Stone marking where Josef Trumpeldor was shot at Tel Chai
Stone marking where Josef Trumpeldor was shot at Tel Chai

It was to be a day of battle stories as our next site was Tel Chai, site of one of the most famous battles in Zionist history. Here, the one-armed commander Josef Trumpeldor led a group of young pioneers in defending their homes in an atmosphere of post WWI chaos in the area; Arab militias were fighting the French and the Jews were caught in the middle. Their end came in a bloody battle which cost Trumpeldor his life; the story goes that his famous last words were to the effect of “it is good to die for the Land of Israel”.

HaShomer Memorial at Kfar Giladi
HaShomer Memorial at Kfar Giladi

After hearing the story of the battle and visiting the original structures of the Tel Chai farm, we popped up the road to the HaShomer cemetery in Kfar Giladi. As well as housing the grave of those who died at Tel Chai, and the official memorial, here are buried or commemorated all the members of the Hashomer movement. This was effectively a Jewish militia founded to protect the nascent settlements of the Zionist movement; it was eventually absorbed into the Haganah in 1920. We heard some of the stories of its founders and important members, and enjoyed the beautiful view over the Hula valley.

Tanur Waterfall in Nachal Ayun
Tanur Waterfall in Nachal Ayun

After a relatively sombre morning, it was nice to lighten things up a bit with a stroll in the Nachal Ayoun nature reserve. A short walk took us to a view of the Tanur waterfall (so called as there is an oven (tanur is Hebrew for oven) shape eroded into the rock at its base.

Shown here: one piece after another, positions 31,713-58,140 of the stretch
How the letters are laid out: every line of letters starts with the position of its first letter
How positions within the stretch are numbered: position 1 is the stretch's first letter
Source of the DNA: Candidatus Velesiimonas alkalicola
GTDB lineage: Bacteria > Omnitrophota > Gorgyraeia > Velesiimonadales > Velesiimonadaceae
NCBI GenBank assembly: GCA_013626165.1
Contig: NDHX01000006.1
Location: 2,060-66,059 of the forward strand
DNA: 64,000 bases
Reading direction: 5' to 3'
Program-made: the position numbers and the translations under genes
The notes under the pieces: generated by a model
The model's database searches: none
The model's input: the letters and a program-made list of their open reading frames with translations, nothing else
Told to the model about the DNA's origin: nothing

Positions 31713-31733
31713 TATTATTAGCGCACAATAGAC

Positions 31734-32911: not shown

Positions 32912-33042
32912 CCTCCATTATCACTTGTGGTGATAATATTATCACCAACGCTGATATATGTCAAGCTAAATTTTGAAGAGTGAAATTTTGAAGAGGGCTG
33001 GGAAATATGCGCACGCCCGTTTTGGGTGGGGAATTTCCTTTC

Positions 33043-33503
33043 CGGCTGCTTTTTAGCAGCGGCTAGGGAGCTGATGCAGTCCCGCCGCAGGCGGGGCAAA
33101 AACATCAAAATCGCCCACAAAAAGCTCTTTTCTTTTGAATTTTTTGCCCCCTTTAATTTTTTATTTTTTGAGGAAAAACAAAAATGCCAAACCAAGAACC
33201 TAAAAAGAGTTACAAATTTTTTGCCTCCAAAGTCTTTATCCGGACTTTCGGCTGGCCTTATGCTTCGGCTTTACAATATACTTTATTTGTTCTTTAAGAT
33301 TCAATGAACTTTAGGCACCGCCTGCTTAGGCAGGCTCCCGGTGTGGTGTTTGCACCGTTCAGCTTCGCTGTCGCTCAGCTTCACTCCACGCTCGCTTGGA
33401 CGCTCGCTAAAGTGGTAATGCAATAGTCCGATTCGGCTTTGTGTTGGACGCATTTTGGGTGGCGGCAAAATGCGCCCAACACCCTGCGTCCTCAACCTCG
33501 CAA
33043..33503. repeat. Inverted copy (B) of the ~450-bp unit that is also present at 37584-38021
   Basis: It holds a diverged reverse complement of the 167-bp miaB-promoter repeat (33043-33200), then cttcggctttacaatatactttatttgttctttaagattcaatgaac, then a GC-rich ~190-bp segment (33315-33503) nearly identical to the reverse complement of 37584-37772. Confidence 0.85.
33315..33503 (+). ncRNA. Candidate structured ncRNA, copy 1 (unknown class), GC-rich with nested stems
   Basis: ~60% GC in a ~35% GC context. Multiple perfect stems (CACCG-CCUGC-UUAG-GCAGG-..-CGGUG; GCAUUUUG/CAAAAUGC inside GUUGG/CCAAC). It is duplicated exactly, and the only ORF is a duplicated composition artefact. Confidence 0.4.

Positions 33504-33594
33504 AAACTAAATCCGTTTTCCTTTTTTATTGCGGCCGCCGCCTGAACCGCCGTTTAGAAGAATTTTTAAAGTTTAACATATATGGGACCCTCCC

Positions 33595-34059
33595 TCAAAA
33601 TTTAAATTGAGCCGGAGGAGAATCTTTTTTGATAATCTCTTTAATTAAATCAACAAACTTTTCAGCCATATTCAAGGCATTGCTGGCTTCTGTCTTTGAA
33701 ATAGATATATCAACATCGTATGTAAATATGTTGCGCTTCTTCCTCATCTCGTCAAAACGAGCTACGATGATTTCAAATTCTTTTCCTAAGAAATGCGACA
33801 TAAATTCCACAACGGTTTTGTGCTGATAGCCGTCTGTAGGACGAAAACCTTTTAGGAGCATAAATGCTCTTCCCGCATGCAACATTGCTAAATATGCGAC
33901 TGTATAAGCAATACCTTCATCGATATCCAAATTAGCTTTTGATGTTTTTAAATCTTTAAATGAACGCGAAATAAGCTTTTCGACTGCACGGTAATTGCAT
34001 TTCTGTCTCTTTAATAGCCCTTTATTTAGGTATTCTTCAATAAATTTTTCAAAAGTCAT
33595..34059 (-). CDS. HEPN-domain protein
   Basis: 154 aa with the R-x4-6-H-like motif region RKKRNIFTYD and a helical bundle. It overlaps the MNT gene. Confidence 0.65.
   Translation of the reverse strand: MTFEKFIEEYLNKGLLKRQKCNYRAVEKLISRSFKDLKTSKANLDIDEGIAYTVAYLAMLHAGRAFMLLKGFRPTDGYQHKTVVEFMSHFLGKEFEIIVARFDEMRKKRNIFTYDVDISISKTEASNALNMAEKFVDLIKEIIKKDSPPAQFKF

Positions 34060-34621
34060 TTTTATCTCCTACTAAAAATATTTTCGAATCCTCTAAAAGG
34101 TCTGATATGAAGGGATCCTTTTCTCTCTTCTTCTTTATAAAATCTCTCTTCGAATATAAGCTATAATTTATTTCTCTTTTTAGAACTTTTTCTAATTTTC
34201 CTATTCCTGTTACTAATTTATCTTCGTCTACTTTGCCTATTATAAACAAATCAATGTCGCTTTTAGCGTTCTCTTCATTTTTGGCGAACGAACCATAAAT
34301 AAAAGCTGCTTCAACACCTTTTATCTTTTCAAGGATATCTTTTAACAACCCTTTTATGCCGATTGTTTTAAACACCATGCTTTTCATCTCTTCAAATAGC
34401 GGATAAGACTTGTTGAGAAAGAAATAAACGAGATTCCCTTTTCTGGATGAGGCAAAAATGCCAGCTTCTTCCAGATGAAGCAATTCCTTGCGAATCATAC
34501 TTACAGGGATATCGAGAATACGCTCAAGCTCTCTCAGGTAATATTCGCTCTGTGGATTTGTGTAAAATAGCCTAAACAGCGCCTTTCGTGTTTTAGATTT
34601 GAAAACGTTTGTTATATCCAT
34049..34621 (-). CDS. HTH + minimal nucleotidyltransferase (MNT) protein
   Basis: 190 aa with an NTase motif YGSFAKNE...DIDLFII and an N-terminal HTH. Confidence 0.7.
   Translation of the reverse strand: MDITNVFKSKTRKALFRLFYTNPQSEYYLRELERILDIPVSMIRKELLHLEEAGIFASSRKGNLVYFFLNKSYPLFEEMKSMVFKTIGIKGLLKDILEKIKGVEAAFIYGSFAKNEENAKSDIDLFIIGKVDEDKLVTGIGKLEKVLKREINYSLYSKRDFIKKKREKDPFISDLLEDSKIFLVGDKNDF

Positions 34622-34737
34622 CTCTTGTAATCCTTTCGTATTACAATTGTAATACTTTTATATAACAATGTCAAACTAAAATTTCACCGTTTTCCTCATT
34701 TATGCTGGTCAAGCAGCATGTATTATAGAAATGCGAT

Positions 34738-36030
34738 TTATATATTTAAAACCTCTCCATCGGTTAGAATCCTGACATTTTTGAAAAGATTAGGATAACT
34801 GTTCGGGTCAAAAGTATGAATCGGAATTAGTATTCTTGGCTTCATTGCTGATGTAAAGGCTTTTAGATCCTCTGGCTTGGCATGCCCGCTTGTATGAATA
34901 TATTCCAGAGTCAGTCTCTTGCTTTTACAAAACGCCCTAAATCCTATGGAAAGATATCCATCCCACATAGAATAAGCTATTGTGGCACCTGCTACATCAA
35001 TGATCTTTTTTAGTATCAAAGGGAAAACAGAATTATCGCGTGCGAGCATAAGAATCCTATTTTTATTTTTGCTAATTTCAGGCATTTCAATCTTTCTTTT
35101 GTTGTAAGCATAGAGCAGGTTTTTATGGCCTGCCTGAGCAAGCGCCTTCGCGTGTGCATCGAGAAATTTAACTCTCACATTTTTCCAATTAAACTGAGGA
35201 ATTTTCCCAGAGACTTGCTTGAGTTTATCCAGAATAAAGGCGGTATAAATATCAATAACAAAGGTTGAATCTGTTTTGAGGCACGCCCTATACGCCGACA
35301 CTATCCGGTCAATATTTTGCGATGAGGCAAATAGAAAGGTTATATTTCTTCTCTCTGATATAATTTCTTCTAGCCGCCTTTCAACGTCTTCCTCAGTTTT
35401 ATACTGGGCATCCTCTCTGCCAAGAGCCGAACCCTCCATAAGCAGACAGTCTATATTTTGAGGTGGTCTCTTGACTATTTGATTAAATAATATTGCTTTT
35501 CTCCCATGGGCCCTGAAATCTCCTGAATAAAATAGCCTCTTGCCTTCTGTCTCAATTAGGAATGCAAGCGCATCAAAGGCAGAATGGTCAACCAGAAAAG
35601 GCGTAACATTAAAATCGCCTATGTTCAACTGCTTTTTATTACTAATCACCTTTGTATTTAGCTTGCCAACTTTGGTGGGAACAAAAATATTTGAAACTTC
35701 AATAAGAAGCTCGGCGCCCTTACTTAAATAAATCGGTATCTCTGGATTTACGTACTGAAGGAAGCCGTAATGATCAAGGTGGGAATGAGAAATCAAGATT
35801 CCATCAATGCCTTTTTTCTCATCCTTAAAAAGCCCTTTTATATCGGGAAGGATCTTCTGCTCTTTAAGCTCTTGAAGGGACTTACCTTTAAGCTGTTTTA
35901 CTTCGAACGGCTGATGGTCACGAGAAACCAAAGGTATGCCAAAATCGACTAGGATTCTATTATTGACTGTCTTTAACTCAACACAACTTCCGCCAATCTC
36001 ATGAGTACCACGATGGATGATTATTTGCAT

View over Metulla and into Lebanon from Mt Tzefiya
View over Metulla and into Lebanon from Mt Tzefiya

Still, time was pressing, so we pushed on north to Mt Tzefiya (Mt Look-out) in Metulla. Situated right on the Lebanese border, we were able to enjoy a view far beyond Israeli territory. The stark contrast of the relatively barren Lebanese landscape with the greenery of Israel was striking, apparently a testament to the British introducing conservation laws (which were later kept by the Israeli government); something not effected by the French rulers of Lebanon.

We drove south, passing through the old town of Metulla, then through Kiriat Shemona, arriving eventually at our final destination, Tel Hazor. Considering that it is the largest archaeological mound in Israel, it seems remarkably unexcavated, badly signposted and undervisited. Excavations are however ongoing and over the years I am sure we will see more important discoveries there.

View from the acropolis at Tel Hazor
View from the acropolis at Tel Hazor

Of particular interest is the palace from the Canaanite period which may well have belonged to the King Jabin, mentioned in the Bible. Hazor was one of the Canaanite settlements taken by Joshua and indeed the palace shows signs of destruction, although cannot be proven that it was destroyed by the Israelites.

Israelite fortress at Tel Hazor
Israelite fortress at Tel Hazor

However, what is clear is that a later settlement, built on top of the Canaanite one, is Israelite; using the same architectural planning. There is also a ritual platform around which were found large amounts of bones – only from kosher animals.

A varied day – beginning with the Romans, zooming into the 20th century and concluding with the Biblical period! Nonetheless, highly enjoyable. Plenty to reflect on during our journey home to Tel Aviv.

Campus Upper Galilee Day Two: Central Upper Galilee

Day two of our campus begun with a predictable early start, made all the worthwhile by one of the best (if not the best) youth hostel breakfast I have ever had. A particularly impressive array of delicious cheeses on offer!